News / Science & Technology

China Hit by 'Largest Ever' Hack Attack

A man uses a computer at an internet cafe in central Beijing, China, December 28, 2012.A man uses a computer at an internet cafe in central Beijing, China, December 28, 2012.
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A man uses a computer at an internet cafe in central Beijing, China, December 28, 2012.
A man uses a computer at an internet cafe in central Beijing, China, December 28, 2012.

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Large parts of China’s Internet went dark this past weekend as the country came under what the Beijing government is calling the “largest ever” hack attack on Chinese sites.

According to The China Internet Network Information Center (CNNIC), which “operates and administers country code top level domain of .cn and Chinese domain name system,” the denial of service, or DDoS, attacks started at 2:00 a.m. local time Sunday morning. CNNIC said the initial attack was followed two hours later by a larger attack. Both focused on websites with the .cn extension.

In an interview with the Wall Street Journal, Matthew Prince, the chief executive of CloudFlare, a company that provides Web performance and security services for more than a million websites, said China saw a 32 percent drop in Internet traffic for domains in the company’s network during the two-hour attack.

CNNIC apologized to users for the attack and promised to strengthen security in the future. The organization did not elaborate on who might have been behind the attacks.

“It's just another example that China does indeed have its own enemies who attempt to disrupt its Internet operations,” said Jeffry Carr, CEO of Taia Group, a cybersecurity firm. “Such enemies include hackers from Taiwan, India, Tibet, the Middle East and, of course, the United States.”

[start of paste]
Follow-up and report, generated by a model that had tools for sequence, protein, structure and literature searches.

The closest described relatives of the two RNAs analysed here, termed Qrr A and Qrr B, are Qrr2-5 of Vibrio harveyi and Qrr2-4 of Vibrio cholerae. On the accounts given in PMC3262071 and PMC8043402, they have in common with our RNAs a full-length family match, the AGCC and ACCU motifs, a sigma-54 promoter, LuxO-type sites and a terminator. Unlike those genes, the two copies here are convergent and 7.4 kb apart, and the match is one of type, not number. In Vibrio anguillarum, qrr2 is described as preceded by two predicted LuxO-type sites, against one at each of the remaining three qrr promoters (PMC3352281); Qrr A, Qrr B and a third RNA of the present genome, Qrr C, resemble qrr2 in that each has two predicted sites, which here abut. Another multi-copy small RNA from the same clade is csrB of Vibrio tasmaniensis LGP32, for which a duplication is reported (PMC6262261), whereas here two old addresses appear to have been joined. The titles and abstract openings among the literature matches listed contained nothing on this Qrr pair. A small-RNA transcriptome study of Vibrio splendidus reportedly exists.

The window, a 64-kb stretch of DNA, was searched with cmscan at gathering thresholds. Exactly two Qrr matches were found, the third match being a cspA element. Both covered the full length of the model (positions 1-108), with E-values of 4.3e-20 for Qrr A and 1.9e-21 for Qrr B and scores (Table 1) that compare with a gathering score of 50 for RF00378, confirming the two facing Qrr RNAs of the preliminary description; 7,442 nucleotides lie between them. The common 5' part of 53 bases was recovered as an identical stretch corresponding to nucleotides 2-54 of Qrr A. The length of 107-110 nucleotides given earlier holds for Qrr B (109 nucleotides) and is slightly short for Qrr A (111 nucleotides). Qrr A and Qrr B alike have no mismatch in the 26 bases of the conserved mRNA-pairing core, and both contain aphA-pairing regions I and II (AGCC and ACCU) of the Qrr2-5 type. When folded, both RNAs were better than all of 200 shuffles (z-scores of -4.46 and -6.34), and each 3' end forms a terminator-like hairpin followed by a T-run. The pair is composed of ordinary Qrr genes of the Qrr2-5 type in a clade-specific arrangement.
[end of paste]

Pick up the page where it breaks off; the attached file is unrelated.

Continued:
Carr added that denial-of-service attacks do not require a lot of technical know how.

"Denial-of-service attacks can be as simple as downloading a free tool like Anonymous's LOIC product  or one can visit any number of hacker forums where DDoS services are cheaply available for hire."

Christopher Burgess, CEO of Prevendra, Inc., says the attack could have also have come from within China.

“The prompt response and resolution by China's CNNIC and lack of attribution provided by the CNNIC of attack origin warrants further monitoring. It begs the question, was this a self-inflicted wound by a Chinese entity, such as one of those identified by Mandiant in their report earlier in 2013 or an attack originating by a criminal element,” he said.

While China is known for efficient Internet censorship, some question the country's cyber defenses.

"The attack points out the vulnerability of the entire Chinese web to cyber attack from the outside," said Matthew Aid, an independent intelligence analyst. "If all Internet sites ending in .cn can be taken down by nothing more sophisticated than a conventional denial-of-service attack, the Chinese Internet system is more vulnerable than we previously believed. Clearly Chinese cyber defenses are not what they should be"

Domains with the .cn extension appeared to be working normally on Monday.

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